Margot [00:14:12] Yeah. That level of positive reinforcement makes it easier for everybody and encourages it to happen again and again.

Jim [00:14:19] Yeah. So, it's so often that we expect the CEO to be the one that's doing these kinds of things. And of course we, we want them to, but it's even more impactful when other people on the team do it. So. We were with a team and the mild mannered, kind of introverted finance person said something about somebody else being very vulnerable. That was a great example where people were realizing, "Oh, yeah. That's a good point." And it was even. It was almost, like, laughable that the person that they would least expect to be vulnerable was noticing the power of someone being vulnerable.


Margot [00:15:12] Calling it out is really important, whether it's positive or negative. I think that it's just as important to call out the behavior that decreases psychological safety.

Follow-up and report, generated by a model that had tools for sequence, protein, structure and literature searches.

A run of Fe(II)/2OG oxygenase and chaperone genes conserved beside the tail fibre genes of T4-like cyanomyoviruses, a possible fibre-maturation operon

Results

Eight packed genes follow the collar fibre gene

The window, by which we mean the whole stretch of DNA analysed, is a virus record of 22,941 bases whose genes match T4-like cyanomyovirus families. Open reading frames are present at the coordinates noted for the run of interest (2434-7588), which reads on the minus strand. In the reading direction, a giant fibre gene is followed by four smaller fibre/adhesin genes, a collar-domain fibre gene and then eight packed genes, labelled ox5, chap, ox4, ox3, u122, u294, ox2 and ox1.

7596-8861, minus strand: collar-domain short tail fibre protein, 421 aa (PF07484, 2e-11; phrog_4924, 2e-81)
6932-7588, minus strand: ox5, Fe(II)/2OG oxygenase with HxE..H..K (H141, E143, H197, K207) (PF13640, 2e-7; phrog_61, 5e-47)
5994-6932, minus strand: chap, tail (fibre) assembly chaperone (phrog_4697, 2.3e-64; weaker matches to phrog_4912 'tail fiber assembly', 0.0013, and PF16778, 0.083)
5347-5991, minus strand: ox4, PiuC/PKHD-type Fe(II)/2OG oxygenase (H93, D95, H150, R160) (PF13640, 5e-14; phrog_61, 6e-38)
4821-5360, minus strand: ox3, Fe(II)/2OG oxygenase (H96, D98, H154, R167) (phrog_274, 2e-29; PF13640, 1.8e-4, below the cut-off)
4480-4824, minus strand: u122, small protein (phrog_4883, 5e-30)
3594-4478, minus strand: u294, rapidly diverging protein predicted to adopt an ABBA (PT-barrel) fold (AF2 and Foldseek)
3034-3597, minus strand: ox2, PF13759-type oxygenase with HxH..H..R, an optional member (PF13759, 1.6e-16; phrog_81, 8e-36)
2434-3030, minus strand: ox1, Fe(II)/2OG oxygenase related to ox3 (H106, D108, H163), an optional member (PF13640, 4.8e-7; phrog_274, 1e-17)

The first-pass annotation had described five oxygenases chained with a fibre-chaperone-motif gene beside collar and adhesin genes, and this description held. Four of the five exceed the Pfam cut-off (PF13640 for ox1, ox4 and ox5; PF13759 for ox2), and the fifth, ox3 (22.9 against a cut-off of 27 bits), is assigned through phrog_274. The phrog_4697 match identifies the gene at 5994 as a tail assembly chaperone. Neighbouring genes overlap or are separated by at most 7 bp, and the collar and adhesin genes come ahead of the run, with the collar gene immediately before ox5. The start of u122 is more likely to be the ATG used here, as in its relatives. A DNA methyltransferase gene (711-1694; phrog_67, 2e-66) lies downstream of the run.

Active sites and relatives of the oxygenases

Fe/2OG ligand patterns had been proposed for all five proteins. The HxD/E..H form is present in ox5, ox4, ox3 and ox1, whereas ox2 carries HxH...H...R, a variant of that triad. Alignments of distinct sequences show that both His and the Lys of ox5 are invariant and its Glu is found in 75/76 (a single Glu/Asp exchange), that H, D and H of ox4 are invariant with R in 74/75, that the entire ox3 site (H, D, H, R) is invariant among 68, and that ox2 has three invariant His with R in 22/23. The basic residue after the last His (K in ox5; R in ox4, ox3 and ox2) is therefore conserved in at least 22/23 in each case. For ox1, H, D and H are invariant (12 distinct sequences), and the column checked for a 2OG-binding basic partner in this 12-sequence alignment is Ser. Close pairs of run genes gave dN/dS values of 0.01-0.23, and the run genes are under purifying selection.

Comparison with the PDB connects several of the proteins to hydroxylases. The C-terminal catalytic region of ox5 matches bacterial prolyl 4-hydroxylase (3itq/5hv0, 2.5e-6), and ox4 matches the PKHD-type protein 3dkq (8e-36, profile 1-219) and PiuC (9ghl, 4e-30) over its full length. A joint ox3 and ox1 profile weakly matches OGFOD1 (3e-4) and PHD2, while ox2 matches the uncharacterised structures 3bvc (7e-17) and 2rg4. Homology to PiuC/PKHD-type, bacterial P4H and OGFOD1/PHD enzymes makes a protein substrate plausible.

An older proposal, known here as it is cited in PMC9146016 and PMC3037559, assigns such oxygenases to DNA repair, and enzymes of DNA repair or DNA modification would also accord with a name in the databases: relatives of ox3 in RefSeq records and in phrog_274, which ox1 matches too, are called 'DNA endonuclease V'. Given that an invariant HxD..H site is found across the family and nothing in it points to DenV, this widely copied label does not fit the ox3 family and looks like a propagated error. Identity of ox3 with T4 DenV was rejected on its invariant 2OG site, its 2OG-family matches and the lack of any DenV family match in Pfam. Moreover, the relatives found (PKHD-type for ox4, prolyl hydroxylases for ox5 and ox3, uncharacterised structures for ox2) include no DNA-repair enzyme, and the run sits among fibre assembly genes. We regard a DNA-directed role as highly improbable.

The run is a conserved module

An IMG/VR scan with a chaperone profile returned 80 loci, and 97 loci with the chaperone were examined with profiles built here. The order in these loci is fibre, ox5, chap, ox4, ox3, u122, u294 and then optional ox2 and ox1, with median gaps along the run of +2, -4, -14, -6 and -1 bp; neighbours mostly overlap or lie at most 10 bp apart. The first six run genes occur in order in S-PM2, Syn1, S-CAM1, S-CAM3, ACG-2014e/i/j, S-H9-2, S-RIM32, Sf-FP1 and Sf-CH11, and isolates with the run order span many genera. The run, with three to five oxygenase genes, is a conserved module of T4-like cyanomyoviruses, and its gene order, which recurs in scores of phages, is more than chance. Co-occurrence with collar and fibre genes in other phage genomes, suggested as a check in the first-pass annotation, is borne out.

Jim [00:15:21] Yeah, let's—what's an example of when we've seen one of those things happen?

Margot [00:15:27] Well, I've seen somebody make a comment in a group discussion and the leader just absolutely shut them down. "Nope, that's not it. That's not true." Hand out, the whole bit.

Jim [00:15:40] Yeah.


Margot [00:15:41] And move right onto the next topic. And I know that that person felt completely shut down and very disrespected by that attitude.


Jim [00:15:51] Yeah, so in that setting, what we'd love to see happen would be: someone be brave enough to say, "Well, time out. Let's just talk about what just happened," to deal with the fact that that was a major withdrawal out of the trust fund, so to speak. And it shouldn't be skipped over.


Margot [00:16:17] And we're not really just talking about an act here. We're talking about genuine vulnerabilities. So it's not like a leader or anyone else on the team can just pretend to be vulnerable. That's the kind of thing that many people on the team will just be able to subconsciously sense. It needs to be genuine. You have to be real with it.